Trained as an industrial model maker, in 1989 Oliver Bayley was snapped up by IDM (the model-making arm of Moggeridge Associates) during his placement there. Having got the computer bug via an interest in typography, Bayley taught himself some design applications just as the then Ideo was launching into interaction design. He made the leap by offering to “soft prototype” on screen, instead of with models. “It was a major learning curve,” he remembers, “for me and Ideo, but after five years as an interactive designer I wanted to get back to prototyping by building objects that would work like the finished device.”
Through contacts made via Ideo’s west coast office Bayley headed to Interval Research, an organisation that employs multiskilled teams on a vast range of blue-sky projects. Founded by Paul Allen, an original partner in Microsoft, Interval aims to discover new market opportunities at the intersection of “seedling technologies” and consumer and popular culture. When they spot a potential success, they set up a subsidiary, and let it fly.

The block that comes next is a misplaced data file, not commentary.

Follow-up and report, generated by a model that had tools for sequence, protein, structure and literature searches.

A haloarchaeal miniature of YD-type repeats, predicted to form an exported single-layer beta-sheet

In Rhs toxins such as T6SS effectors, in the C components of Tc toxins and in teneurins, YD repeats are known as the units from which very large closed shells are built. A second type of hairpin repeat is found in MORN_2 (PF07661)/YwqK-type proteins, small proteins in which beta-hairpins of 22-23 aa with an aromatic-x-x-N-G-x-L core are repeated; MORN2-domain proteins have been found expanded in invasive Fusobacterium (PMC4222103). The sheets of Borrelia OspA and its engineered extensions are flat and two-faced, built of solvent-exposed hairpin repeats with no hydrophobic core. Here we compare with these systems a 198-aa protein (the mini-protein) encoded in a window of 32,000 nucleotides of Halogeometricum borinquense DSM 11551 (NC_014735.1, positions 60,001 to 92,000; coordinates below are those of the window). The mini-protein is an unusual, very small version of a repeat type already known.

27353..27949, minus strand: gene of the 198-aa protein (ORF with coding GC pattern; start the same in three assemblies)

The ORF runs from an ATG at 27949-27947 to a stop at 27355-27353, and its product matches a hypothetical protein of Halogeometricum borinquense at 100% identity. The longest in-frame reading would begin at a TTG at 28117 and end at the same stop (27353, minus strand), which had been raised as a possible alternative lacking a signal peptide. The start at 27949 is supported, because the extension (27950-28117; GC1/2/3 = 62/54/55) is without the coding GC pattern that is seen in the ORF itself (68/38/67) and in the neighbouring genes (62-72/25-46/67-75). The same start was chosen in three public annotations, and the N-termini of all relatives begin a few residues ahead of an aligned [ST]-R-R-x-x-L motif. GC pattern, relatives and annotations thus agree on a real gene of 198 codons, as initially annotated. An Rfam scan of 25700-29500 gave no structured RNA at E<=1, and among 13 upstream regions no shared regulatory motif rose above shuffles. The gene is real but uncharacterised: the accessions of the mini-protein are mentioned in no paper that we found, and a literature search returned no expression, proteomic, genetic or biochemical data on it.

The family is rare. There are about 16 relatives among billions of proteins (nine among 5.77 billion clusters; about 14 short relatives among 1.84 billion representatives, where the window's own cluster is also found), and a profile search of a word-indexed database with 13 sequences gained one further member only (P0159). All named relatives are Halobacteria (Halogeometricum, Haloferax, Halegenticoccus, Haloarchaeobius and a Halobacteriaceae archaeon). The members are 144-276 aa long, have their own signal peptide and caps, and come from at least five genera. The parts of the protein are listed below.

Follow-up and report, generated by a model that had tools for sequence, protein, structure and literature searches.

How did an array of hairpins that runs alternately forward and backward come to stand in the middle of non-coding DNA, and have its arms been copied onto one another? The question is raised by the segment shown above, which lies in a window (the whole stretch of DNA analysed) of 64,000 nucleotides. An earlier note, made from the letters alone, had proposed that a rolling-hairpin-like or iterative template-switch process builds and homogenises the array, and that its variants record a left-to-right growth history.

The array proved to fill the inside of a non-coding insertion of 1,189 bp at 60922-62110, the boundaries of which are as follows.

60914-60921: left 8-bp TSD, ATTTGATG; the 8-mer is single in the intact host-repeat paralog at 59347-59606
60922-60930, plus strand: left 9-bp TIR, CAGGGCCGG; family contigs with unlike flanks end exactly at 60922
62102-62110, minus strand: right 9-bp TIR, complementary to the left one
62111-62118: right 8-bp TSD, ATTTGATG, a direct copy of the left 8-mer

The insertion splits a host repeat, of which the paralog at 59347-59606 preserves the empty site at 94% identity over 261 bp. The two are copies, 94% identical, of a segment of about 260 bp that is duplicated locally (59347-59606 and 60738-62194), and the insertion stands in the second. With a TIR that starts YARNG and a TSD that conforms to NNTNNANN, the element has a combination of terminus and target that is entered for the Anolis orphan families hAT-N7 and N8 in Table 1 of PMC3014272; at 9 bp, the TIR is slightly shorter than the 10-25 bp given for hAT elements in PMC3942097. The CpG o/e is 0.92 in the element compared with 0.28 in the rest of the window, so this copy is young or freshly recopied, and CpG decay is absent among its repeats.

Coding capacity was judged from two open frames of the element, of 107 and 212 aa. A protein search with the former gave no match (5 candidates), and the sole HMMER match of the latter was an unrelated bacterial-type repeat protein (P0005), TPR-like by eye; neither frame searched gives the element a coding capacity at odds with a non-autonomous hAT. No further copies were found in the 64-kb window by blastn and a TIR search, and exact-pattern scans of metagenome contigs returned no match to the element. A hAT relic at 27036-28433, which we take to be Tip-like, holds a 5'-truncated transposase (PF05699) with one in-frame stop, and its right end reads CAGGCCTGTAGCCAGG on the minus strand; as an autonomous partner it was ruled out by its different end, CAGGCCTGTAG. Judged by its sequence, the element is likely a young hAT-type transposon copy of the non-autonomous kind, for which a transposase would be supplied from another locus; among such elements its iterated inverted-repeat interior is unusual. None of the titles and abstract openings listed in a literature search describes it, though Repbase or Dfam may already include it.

Bayley has recently been involved in initiatives in his areas of interest, namely “tangible user interfaces” or “physical computing”, which use real-world artefacts as tools for digital multimedia artefacts, and, “homeable computers” which are task-specific computers made to fit the fabric of a home.
“I’m co-running a project in advanced development,” explains Bayley, “and I’m responsible for ensuring that the end-users’ needs are met and we don’t just turn out a great technical or commercial object.”
Being at the cutting edge of product development is a dream job for Bayley. He says that his only frustration is in the turnaround time. “Unlike a design consultancy, which is closer to the commercial end than Interval Research, nothing I’ve worked on has yet come to market.”